It’s no great secret that the practice of public relations in the digital age is rapidly evolving. While principles remain much the same as they have ever been, the changing media landscape, emerging technologies, and the rise of online, social platforms have dramatically changed the way PR practitioners conduct their day-to-day work.
However, as new technologies move from academic institutions, research labs, test beds, and proof-of-concepts into more mainstream adoption, communicators will need to be mindful of the potential impacts to business operations, as well as the opportunities and challenges this presents to the PR function.
A while back I wrote a response to a question from the PRCA about what the PR industry might look like in 2020, and touched on some of this – highlighting the kinds of changes that chatbots and automation could bring about.
I’m still relatively happy with some of the ideas in that piece, but with the rapid pace of change of technology, and new ‘next things’ appearing on the “Hype Cycle” (both Gartner’s, and Stephen Davies’s excellent critique), in some ways I think I could have gone further and been bolder than I was at the time.
As we continue to automate thought labour and decentralise and delegate decision-making to machines, relying more and more on algorithms and automation, the nature of our businesses and society stand to change markedly – this is something that will effect virtually every facet of our lives, from refuse collection to advanced medical research.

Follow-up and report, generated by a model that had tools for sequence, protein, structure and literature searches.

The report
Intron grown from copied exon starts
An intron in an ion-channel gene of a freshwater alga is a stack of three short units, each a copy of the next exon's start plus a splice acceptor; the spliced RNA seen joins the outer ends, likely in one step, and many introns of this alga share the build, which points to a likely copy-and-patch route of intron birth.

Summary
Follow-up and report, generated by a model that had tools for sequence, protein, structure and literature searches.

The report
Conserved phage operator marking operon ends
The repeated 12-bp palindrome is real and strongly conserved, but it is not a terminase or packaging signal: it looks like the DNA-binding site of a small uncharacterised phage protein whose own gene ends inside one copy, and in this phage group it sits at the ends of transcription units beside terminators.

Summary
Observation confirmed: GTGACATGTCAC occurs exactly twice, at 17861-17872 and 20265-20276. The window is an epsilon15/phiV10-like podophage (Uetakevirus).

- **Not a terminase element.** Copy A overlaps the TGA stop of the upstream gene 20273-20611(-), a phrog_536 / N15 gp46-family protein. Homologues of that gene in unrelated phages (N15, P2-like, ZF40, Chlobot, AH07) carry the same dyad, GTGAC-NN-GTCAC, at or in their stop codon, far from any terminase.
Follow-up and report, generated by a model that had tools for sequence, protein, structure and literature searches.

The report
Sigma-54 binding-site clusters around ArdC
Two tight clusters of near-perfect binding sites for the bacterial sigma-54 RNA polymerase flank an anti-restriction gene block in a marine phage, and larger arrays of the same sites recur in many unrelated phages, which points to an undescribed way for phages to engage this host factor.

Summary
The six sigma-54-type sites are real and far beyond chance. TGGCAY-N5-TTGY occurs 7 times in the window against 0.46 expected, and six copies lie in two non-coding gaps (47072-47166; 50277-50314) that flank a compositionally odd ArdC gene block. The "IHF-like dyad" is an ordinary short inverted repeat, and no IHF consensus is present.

The potential impact is perhaps best summed up by Google CEO Sundar Pichai, who said in a speech at the World Economic Forum in Davos last month that: “AI is probably the most important thing humanity has ever worked on. I think of it as something more profound than electricity or fire.”
So What Does This Mean For PR?
In many ways this is yet to be discovered. There are some opportunities that immediately spring to mind for communicators, but as all of these technologies come together in integrated systems there are sure to be new and exciting ways to use them to build and strengthen relationships between organisations and their key stakeholders.
Of those that jump out, artificial intelligence, voice interface, and augmented reality are those that stand to significantly impact the way we practice public relations. However there are many, many more – as they start to scale to truly useful deployments, distributed ledger technologies such as blockchain are currently occupying my thoughts. Though as Stephen rightly notes, in some areas there is a lot of hype without a great being done in practice.
Here I’m going to explore a few of the areas I’ve been thinking about where emerging technologies might have a significant impact:
Calling Bullshit On Fake News
There has been significant coverage recently explaining the advances in AI-enhanced video editing and the ‘deepfake’ phenomenon. This has centred on the ability of malicious actors to falsify video content to various ends. This has profound implications. We’ve seen significant moves in the market based on small pieces of information – a tweet from US President, Donald Trump, a name change/’pivot to blockchain’, or false reports.
As it becomes easier to create deliberate falsehoods, it becomes more important to be able to verify information, its accuracy, and the intentions of its sources. Stuart Bruce has written about this in the context of images being shared online – the same principles apply here.
Imagine a video surfacing showing a board-level executive at a FTSE100 firm criticising their own organisation in a similar way to Gerald Ratner in 1991. Think how that would likely be shared online and quickly become a news story, and of the impact that would likely have on the share price. A video like that is becoming easier and easier to falsify, or deepfake, and there are malicious actors who are no doubt exploring how to deploy them.